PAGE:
Hello Kunjuppu, just finished hearing Obama, what a disappointment!

It was a Bush-worthy speech, delivered with Obama's rhetorical skills. There was not much about disengagement. All he had to say about that was, "After 18 months, our troops will begin to come home."

What does that mean?

He also talked about Taliban in the border regions. He says Pakistan is nuclear armed and that Al Queda wants nuclear weapons and will use it if they get their hands on one. What is he going to do about that? Is he going to send US troupes into Pakistan? What a disaster that would be!!

All in all, it was a completely muddled speech with nothing clear cut on ending this madness.

But he had a lot to say about American exceptionalism, the only time he got applause from the cadets. It seems he wanted to prove to the saber rattling crowd he is not a wimp.

He said right makes might, but what right does he think will come out of this adventure? How many more lives must be lost before he realizes that this mission is not going to have a "mission accomplished".

An instructive aerticle from a woman who faced the wrath of Afghan warlords in person here.

A quote from this article:
Now Obama is pouring fuel on these flames, and this week's announcement of upwards of 30,000 more troops to Afghanistan will have tragic consequences.
 
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Dear Sri Kunjuppu Ji,

With all due respect, may I request you not to charecterize the middle America as 'rural wise warmongers'? I also do not appreciate you calling Americans 'mad dogs'. I do not think you understand my country well enough to make these types of cooments. You may not agree with the general policies of the US, residing in a pacifist country like Canada, but sir, you do not understand the traditions of the military in this country as well as why and how they have been used. Without the Americans, you and I would be speaking German or Japanese and will be plying a coolie trade.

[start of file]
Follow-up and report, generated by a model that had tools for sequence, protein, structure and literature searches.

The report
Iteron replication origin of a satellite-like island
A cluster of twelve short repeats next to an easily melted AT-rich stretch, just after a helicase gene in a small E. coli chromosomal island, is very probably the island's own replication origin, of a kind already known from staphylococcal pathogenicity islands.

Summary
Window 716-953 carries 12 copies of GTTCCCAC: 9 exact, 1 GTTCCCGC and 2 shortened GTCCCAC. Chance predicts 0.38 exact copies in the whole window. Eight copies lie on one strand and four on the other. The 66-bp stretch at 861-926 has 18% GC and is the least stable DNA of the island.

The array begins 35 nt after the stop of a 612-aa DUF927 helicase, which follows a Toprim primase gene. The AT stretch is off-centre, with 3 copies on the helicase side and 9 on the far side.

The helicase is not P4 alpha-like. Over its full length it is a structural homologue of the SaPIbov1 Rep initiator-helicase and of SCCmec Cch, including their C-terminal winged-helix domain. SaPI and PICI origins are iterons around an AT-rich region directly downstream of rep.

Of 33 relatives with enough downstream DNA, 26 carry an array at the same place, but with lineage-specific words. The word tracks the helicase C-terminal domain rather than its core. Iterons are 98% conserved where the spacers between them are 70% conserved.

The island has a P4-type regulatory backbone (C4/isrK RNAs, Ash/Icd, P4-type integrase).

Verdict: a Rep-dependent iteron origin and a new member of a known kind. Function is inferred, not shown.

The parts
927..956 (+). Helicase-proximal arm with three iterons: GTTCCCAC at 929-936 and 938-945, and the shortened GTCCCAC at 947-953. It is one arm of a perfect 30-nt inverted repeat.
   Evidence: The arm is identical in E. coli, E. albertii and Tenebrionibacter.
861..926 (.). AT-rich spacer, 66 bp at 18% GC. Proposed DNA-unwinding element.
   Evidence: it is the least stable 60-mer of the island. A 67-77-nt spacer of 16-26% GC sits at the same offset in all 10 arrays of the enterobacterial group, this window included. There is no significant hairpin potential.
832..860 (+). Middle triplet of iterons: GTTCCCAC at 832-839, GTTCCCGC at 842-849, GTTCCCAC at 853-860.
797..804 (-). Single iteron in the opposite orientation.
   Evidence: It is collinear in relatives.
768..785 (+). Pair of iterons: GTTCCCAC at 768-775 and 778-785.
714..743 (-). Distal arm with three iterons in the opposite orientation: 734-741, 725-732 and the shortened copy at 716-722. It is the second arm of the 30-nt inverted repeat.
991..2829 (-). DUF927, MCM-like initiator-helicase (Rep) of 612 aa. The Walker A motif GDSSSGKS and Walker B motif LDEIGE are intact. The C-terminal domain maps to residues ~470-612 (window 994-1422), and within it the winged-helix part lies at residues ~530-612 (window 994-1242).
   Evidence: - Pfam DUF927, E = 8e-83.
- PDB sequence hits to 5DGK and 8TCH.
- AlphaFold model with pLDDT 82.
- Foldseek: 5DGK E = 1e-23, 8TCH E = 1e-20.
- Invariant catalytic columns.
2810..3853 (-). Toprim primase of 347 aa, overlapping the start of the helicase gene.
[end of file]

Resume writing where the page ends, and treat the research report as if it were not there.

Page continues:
To Professor Nara Ji,

Mahatma Gandhi's view on war:

Q​
"Don't your duty in war and belief in peace contradict each other?"
A​
66.gif

While war and non-violence do sound contradictory, they are both conflict resolution vehicles. I have said time and again that Satyagraha (non-violent struggle) is not same as making peace. It is still a fight that has to be fought as bravely as a soldier in a war -- just the weapon is different. Many people mistake non-violence as compromise or avoidance of conflict. It is not. On the other hand, it is standing up for what is right (truth) and justice. Fighting a violent war is better than accepting injustice. So, really there is no contradiction in fighting a just war, and believing in non-violence. Both are duties to be carried out to preserve justice and truth.